BMJ 28 September 2002

How do you define the good doctor? How do you solve a problem like Maria? Being kind and compassionate is all very well but we need more, the rage to achieve, the pride not to accept defeat; like Milton’s Satan, our vices are indistinguishable from our virtues. The qualities demanded are multiple, and they fluctuate with time and circumstances.

Jennie had an unusual form of high spirited and happy dementia, and just as I arrived at the farm she was bolting out through the door, over the wall and across the fields. Her family came tumbling out after, but seeing I had arrived they stopped and looked at me expectantly, like the Council of Elrond looking at Frodo and thinking, “Here comes a real sucker, problem solved.”

But being a good doctor, I accepted the metaphorical baton and set off in pursuit, leaping the wall and tipping over the other side, though luckily my fall was cushioned by some broken bottles. I could see Jennie in the distance, a glimmering girl fading in the brightening air among long dappled grass, dodging behind the dread vista of a fine herd of Jersey cows.

The cows represented a serious escalation. Take it from me, if you are ever hunted by the law, and have to escape across the fields, choose a field with cows. City folk mightn’t appreciate this, but cows are intelligent creatures and get bored standing around in the field all day. An exciting chase is a welcome diversion, so the herd galloped over for a better look. The avoidance of stampeding cows is not something we are taught in medical school, and I swiped at them uselessly with my black bag.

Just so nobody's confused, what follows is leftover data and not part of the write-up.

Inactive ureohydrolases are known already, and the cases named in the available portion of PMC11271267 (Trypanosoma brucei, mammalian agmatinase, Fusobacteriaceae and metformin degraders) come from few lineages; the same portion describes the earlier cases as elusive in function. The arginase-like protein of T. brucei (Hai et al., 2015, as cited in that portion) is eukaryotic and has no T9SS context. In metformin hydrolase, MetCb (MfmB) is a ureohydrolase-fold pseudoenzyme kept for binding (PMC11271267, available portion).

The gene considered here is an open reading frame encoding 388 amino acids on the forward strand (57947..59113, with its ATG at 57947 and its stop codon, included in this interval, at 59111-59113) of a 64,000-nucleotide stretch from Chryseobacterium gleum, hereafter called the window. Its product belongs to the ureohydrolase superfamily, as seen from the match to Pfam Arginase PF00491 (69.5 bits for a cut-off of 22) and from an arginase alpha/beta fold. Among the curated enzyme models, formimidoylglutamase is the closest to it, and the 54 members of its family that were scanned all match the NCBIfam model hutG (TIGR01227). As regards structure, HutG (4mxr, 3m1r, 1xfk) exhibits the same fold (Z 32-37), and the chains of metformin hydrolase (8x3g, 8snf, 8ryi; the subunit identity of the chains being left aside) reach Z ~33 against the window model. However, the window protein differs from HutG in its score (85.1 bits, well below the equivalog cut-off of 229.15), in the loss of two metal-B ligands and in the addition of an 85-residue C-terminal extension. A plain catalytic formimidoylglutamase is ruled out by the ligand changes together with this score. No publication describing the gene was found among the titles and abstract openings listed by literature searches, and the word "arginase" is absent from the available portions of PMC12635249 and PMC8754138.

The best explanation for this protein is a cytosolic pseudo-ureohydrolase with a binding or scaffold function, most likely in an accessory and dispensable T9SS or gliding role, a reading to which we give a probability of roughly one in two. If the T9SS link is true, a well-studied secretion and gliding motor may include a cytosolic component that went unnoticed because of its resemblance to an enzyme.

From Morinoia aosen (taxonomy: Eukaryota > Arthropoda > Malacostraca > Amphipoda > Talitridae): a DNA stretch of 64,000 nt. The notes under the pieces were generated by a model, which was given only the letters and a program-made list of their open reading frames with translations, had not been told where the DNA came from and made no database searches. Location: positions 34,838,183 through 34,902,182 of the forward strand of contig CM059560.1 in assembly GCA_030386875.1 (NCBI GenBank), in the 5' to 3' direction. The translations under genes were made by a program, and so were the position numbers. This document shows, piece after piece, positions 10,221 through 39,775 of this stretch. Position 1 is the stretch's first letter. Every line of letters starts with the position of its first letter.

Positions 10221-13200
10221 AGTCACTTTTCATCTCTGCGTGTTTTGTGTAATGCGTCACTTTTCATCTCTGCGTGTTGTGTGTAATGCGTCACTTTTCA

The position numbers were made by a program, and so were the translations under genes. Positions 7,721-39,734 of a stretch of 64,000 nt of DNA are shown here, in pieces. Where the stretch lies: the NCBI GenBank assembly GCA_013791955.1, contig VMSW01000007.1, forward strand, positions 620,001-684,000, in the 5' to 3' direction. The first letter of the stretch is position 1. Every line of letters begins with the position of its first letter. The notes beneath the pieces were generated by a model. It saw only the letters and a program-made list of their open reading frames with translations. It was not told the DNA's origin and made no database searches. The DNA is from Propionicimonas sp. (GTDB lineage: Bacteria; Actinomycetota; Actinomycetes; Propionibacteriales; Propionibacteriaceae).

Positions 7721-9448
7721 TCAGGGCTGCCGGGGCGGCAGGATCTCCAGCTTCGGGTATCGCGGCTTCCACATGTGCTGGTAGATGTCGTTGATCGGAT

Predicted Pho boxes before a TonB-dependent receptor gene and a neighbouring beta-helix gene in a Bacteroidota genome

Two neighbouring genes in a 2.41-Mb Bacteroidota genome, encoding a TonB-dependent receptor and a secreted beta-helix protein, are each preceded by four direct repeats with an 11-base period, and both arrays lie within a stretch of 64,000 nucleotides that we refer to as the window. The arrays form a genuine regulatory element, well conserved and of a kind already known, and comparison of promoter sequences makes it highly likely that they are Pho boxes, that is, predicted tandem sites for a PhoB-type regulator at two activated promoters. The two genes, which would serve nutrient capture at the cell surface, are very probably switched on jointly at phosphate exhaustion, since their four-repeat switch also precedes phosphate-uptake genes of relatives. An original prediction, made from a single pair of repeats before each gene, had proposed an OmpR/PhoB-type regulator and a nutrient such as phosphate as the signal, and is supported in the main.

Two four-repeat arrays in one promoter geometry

Distracted, I then trod in a cow pat so large and liquid that a small boy could swim in it, a triumphant digestive mound that would have felt quite at home in the Augean stables. The quarry may not mind running through cow dung, but the sartorial demands of our profession leave us ill equipped for this task. And once dung gets on your clothes, the smell will endure forever; trust me on this point.

I caught Jennie at the far end of the field.

“Ah, doctor,” she said playfully, as I grabbed her desperately by the ear, “I thought you’d never catch me.”

A good doctor is a doctor who can run fast and is not over-fastidious regarding personal hygiene. QED.

Footnote; The BMJ ran a theme issue on “what makes a good doctor,” and I was requested to make my usual thoughtful contribution.


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